Shortstop is a position that hasn’t been kind to the New York Mets over 55 years. Stud prospect Amed Rosario is looking to change that.In their 55-year history, the New York Mets have never showcased an elite major league shortstop. In the last 30 years, these Flushing shortstops have included Jose Oquendo, Rafael Santana, Kevin Elster, Jose Vizcaino, Rey Ordonez, Jose Reyes, Alex Cora, Omar Quintanilla, Ruben Tejada, Wilmer Flores, and Asdrubal Cabrera.
Of those players, Ordonez, Reyes and Cabrera have been the most successful and effective. They have had great individual seasons and have provided the Mets a lot of valuable at bats. However, they weren’t the main guys on the team that managers and fans could rely on to get the clutch hit.
Mets top prospect Amed Rosario, from the Dominican Republic, has the potential to be that guy.
According to Baseball America, he is currently ranked the number five prospect overall, behind Yoan Moncada, Gleyber Torres, Cody Bellinger, and Austin Meadows.
With Reyes declining each passing game, an aging Cabrera dealing with injury woes, and Wilmer Flores shifting to different positions as a result of the declining health of David Wright, the Mets have to shift their focus to their shortstop of the future.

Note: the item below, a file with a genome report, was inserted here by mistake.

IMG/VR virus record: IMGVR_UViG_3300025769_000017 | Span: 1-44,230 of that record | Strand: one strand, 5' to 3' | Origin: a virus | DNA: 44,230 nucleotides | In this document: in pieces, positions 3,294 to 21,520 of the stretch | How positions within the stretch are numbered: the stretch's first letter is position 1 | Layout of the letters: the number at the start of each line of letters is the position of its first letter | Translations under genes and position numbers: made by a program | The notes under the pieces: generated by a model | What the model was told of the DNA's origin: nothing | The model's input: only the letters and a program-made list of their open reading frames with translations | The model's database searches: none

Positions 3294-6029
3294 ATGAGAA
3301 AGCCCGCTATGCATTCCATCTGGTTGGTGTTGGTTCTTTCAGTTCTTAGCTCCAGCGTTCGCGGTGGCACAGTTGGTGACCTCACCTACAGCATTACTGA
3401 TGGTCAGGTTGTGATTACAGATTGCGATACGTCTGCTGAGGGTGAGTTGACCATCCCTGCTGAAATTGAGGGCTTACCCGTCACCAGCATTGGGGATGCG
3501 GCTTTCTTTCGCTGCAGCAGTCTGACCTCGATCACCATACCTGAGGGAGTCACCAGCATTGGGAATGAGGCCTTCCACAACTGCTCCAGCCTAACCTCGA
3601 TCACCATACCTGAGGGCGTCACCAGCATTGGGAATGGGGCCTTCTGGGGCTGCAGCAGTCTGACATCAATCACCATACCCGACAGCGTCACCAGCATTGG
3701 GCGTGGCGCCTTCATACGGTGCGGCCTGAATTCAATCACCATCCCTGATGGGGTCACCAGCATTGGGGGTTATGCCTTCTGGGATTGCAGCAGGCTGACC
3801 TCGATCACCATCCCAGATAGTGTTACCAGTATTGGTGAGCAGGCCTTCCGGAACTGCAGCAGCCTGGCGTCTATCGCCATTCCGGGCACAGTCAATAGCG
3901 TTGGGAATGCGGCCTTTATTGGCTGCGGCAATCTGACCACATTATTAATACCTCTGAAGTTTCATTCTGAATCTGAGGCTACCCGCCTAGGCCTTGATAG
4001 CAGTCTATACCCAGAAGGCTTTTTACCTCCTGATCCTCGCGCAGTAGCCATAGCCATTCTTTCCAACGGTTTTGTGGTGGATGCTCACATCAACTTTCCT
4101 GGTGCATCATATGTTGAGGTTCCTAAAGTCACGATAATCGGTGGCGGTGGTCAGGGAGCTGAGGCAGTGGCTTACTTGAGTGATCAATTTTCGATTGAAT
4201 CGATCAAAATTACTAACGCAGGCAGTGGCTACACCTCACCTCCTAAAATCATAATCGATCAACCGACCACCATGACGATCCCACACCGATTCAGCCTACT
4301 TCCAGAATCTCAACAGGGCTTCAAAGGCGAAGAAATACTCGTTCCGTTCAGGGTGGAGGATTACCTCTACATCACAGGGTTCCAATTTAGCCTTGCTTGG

Rosario, 21, has shown flashes of brilliance, especially in the field. He is also very versatile in the field because of his arm strength, so he can play multiple positions. Considering the injury history that the Mets have suffered through, he can become valuable instantaneously. His defensive capability is off the charts and he has a knowledge of the game that one cannot teach.
In Double AA Binghamton last season, Rosario hit .341 with an on-base percentage just under .400. Even though he only had two homers, he is the type of player that will be able to improve his power with time and experience. He also knocked in 31 RBIs. This season so far in Triple AAA Las Vegas, he has improved his average to .356 and in 20 fewer games, has already doubled his home-run total to four.
He might eventually have to compete with the shortstop of the future in the Bronx, Gleyber Torres, for New York’s ultimate shortstop. It will be interesting to see if they have a minor rivalry to see who will attain this goal.
More importantly, Rosario carries himself off the field like a true professional. He is humble in the way he approaches the game, and always looks to improve. If the Mets keep faltering at the plate, especially at the shortstop position, there is a high chance that Rosario will get called up in 2017.
ESPN’s Keith Law thinks that Rosario should be called up now because “His defense alone would make him an upgrade over Cabrera at shortstop. He has enough bat speed to hit in the big leagues today. He would provide value.”
Once he does rise to the big league club, Mets fans are going to see a true leader that can potentially lead the team in hitting.